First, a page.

The AAAI-22 Workshop on Information Theory for Deep Learning (IT4DL)

Workshop Summary

In recent years, Information Theory Learning (ITL) is exploiting the remarkable advantages of information theoretic methods in solving various deep learning problems. Despite the great success of deep neural networks (DNNs) in many artificial intelligence tasks they suffer from limitations, such as poor generalization behavior for out-of-distribution (OOD) data, vulnerability to adversarial examples, and the “black-box” nature of DNNs, which obscures understanding of their inner representations and decision-making process. Furthermore, DNNs are data greedy in the context of supervised learning, and not well developed for limited label learning, for instance for semi-supervised learning, self-supervised learning, or unsupervised learning.

The practicality of the notion of information and the solid mathematics of information theory have demonstrated great potential to solve various deep learning problems: 1) Design robust and non-metric loss functions (e.g. Minimum Error Entropy Criterion) for network training; 2) Information theoretic frameworks (e.g. Information Bottleneck) to explain the generalization behavior of DNNs or improve their adversarial robustness and OOD generalization; 3) Incorporate information theory to learn causal representations, quantify uncertainty, and optimize the value of information in abstract tasks such as the exploitation-exploration dilemma in reinforcement learning.

With the recent rapid development of advanced techniques on the intersection between information theory and machine learning, such as neural network-based mutual information estimators, deep generative models and causal representation learning, domain adaptation and generalization, and deep reinforcement learning, we believe information theoretic methods can provide new perspectives, theories and methods to the challenging problems of deep learning on the central issues of generalization, robustness, and explainability.


  • Jose C. Principe (University of Florida)

  • Robert Jenssen (UiT The Arctic University of Norway)

  • Badong Chen (Xi'an Jiaotong University)

  • Shujian Yu (UiT The Arctic University of Norway, main contact:

Topics of Interest

This workshop aims to bring together both academic researchers and industrial practitioners to share visions on the intersection between information theory and deep learning. Topics of interest include but are not limited to:

  • Estimation of information theoretic quantities from data

  • Information theoretic learning principles and their implementations for the generalization and robustness of deep neural networks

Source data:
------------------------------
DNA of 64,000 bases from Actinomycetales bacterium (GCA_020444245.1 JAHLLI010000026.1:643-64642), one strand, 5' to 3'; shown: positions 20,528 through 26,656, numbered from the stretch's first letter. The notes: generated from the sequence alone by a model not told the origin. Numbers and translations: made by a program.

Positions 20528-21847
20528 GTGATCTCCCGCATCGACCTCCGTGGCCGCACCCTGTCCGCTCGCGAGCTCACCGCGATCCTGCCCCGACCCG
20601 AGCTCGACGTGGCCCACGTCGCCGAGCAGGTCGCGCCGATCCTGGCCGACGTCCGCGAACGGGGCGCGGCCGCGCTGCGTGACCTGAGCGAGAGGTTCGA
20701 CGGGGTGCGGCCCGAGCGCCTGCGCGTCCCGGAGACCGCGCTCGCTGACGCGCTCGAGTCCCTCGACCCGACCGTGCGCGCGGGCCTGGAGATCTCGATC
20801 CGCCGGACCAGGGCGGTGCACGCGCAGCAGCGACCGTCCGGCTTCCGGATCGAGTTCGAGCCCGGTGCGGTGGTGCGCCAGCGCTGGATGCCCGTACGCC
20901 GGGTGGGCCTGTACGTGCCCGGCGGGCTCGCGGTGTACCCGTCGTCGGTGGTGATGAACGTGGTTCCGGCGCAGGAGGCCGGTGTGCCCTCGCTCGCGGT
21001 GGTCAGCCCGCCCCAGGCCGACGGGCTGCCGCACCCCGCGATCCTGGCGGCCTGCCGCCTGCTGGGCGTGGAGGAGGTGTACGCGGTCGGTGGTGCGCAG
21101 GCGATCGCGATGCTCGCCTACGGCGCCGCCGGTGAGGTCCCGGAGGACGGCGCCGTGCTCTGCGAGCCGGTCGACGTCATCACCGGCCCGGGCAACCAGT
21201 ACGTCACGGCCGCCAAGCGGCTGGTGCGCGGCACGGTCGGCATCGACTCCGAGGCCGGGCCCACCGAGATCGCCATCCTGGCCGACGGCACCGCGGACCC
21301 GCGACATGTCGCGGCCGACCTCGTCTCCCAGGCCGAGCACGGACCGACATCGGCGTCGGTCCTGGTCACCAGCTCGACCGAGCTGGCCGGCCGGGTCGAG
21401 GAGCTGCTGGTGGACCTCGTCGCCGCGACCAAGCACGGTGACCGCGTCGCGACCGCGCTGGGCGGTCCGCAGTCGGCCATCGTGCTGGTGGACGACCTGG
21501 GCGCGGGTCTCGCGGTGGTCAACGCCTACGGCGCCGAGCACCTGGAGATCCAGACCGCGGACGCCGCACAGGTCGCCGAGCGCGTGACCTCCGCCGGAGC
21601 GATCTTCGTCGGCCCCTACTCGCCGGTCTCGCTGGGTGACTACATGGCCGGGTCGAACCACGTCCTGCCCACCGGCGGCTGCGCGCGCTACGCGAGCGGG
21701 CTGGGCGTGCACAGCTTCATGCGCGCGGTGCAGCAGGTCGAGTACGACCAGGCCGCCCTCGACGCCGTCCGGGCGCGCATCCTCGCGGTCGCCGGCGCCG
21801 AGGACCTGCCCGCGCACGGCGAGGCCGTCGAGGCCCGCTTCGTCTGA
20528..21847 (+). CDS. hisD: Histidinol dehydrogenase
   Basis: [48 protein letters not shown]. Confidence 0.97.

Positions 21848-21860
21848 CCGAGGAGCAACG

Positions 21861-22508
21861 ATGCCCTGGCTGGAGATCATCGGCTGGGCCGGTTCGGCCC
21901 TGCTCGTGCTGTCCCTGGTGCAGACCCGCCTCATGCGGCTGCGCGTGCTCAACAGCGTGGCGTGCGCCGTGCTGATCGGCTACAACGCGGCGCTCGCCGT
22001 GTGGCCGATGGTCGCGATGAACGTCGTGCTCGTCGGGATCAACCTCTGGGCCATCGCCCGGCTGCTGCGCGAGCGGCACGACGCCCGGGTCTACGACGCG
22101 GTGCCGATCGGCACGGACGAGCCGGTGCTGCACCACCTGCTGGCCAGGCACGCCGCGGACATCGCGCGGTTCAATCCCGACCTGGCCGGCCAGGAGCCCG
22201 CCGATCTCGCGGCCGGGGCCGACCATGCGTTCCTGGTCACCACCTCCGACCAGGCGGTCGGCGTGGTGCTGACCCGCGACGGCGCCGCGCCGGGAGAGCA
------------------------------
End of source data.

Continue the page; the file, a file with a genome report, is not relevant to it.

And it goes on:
• Interpretation and explanation of deep neural neworks with information-theoretic methods

  • Information theoretic methods for domain adaptation, out-of-domain generalization and relevant problems (such as robust transfer learning and lifelong learning)

  • Information theoretic methods for learning from limited labelled data, such as few-shot learning, zero-shot learning, self-supervised learning, and unsupervised learning

  • Information theoretic methods in generative models and causal representation learning

  • Information theoretic methods for distributed deep learning

  • Information theoretic methods for (deep) reinforcement learning

  • Information theoretic methods for uncertainty quantification

  • Information theoretic methods for multi-view, multi-task and general AI models

Important Dates

  • Submission deadline: November 12 (will be extended for 2 weeks).

  • Notification date: December 3.

  • Workshop date: February 28.

Accepted Papers

  • Model2Detector: Widening the Information Bottleneck for Out-of-Distribution Detection using a Handful of Gradient Steps, Sumedh Sontakke, Buvaneswari Ramanan, Laurent Itti, and Thomas Woo

  • Generative-Contrastive Learning for Self-Supervised Latent Representations of 3D Shapes from Multi-Modal Euclidean Input, Chengzhi Wu, Mingyuan Zhou, Julius Pfrommer, and Jürgen Beyerer.

  • Neural Divergence Estimation Between Sets of Samples, Kira Selby, Ahmad Rashid, Ivan Kobyzev, Mehdi Rezagholizadeh, and Pascal Poupart.

  • Deep Supervised Information Bottleneck Hashing for Cross-modal Retrieval based Computer-aided Diagnosis, Yufeng Shi, Shuhuang Chen, Xinge You, Qinmu Peng, Weihua Ou, and Yue Zhao

  • Quantization for Distributed Optimization, S Vineeth.

  • Deep Clustering with the Cauchy-Schwarz Divergence, Daniel J. Trosten, Kristoffer Wickstrøm, Shujian Yu, Sigurd Løkse, Robert Jenssen and Michael Kampffmeyer.

  • Robust and Discriminative Deep Transfer Learning Scheme for EEG-Based Motor Imagery Classification, Xiuyu Huang, Nan Zhou, Badong Chen and Kup-Sze Choi.

  • Multi-Source Domain Adaptation with von Neumann Conditional Divergence, Ammar Shaker

  • Self-Supervised Robust Scene Flow Estimation via the Alignment of Probability Density Functions, Pan He, Patrick Emami, Sanjay Ranka and Anand Rangarajan